Our global visual language is shared across all our brands. We have a library of carefully crafted user interface icons for use in your designs. This article explains when and how to use the icons, and details our process for making icons. For information about embedding and sizing icons see GUI Framework Icons.
By Justin Spencer and Jonathan Stening
User Interface icons are designed to communicate meaning and aid navigation. They can symbolise a command, file, device or directory. They’re also used to represent common actions like search, print and edit.
Simplicity is the key design requirement for UI icons. Each icon in this library is reduced to its minimal form, just enough to capture the essence of its meaning. This ensures readability and clarity even at small sizes. It also optimises the vector file size by limiting the number of points required to draw the graphic.
The icon grid has been developed to facilitate consistency while also offering a certain amount of flexibility. All the icons in this library have been designed and crafted on a 24px grid. This allows us to use the icons at the following sizes: XSmall (12px), Small (18px), Medium (24px), Large (36px) and XLarge (48px). Using the icons at these pre-defined sizes will ensure that horizontal and vertical edges align with the pixel grid, with the exception of the Small (18px). This results in a sharper more legible graphic. If icons are not used at these intended sizes they will no longer align to the pixel grid which will result in a blurred effect. Using a fixed set of icon sizes also helps us to maintain consistency across all our applications.
Legibility, consistency and simplicity are key design principals for all UI icons. We use simple geometric shapes to construct icons. This gives them a unified symmetry and visual consistency.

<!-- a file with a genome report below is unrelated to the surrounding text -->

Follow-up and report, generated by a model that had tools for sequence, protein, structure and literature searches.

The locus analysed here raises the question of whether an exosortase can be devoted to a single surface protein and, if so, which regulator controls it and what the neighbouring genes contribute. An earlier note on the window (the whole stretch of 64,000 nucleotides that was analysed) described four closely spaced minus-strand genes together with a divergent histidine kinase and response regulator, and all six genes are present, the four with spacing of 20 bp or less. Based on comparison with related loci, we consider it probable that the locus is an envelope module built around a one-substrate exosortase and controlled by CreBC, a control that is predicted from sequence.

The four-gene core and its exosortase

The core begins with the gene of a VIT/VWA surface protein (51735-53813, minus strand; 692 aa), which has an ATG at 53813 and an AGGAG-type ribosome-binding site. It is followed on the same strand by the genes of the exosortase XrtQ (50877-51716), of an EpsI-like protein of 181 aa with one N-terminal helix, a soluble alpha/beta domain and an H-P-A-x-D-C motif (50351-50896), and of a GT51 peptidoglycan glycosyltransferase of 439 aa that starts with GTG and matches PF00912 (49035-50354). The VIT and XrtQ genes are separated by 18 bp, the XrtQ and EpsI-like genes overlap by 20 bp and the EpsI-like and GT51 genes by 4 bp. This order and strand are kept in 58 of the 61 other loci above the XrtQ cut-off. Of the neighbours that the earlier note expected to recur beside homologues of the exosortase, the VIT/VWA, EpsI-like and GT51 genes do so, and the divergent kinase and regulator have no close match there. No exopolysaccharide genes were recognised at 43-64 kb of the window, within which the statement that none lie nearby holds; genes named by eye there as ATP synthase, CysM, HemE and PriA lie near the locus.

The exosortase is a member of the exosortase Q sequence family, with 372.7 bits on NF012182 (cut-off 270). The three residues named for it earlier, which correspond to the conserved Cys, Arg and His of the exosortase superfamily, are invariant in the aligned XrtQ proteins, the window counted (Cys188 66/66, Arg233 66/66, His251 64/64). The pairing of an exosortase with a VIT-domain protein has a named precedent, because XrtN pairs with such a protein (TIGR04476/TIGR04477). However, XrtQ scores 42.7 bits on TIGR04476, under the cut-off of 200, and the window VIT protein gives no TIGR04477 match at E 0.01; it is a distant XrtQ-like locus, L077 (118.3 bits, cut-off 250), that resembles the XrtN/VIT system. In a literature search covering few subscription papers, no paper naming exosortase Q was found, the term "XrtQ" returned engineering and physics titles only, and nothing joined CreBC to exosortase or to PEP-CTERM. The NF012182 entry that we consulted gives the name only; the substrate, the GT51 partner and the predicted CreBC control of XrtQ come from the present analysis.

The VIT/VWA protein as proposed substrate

To ensure icons maintain alignment with the pixel grid at 24, 36 and 48px, it is important to use even numbers for both the position, width and height of shapes (positive and negative).
A 2px corner radius is used on the fill area of the icon. Interior corners in the counter area should always be square. Do not round the corners of strokes that are 2px wide or less.
Always use a 2px width for strokes and counter strokes. This includes curves and angles, interior and exterior.
Some scenarios may call for a little ‘artistic licence’ to break these guidelines to aid legibility of an icon. In spite of this it remains important to only use the consistent geometric forms on which all other icons are based. Don’t skew or distort the forms.
Consistency aids user comprehension of icons. Use the existing system icons whenever possible and across different applications. If you have to create additional icons for your project here are some dos and don’ts.
Icons should always be accompanied by a label, however in some cases where the icon has become a globally recognised symbol, a label may not be required. For example a house is now the globally recognised symbol for home.
Icons should be used sparingly. Too many icons add clutter and confusion to the interface. The use of UI icons purely as page embellishment is also not recommended.
With the release of the GUI Framework 2.0 we superseded the icon font in favour of an SVG (scalable vector graphics) implementation. Using SVGs ensures the highest quality rendering on all devices both now and into the future. SVGs can also be styled using code avoiding the need for multiple versions of the same icon. SVGs also comply with AA accessibility requirements. This is a more flexible and accessible approach. For information on how to embed and style SVG icons see the GUI Framework.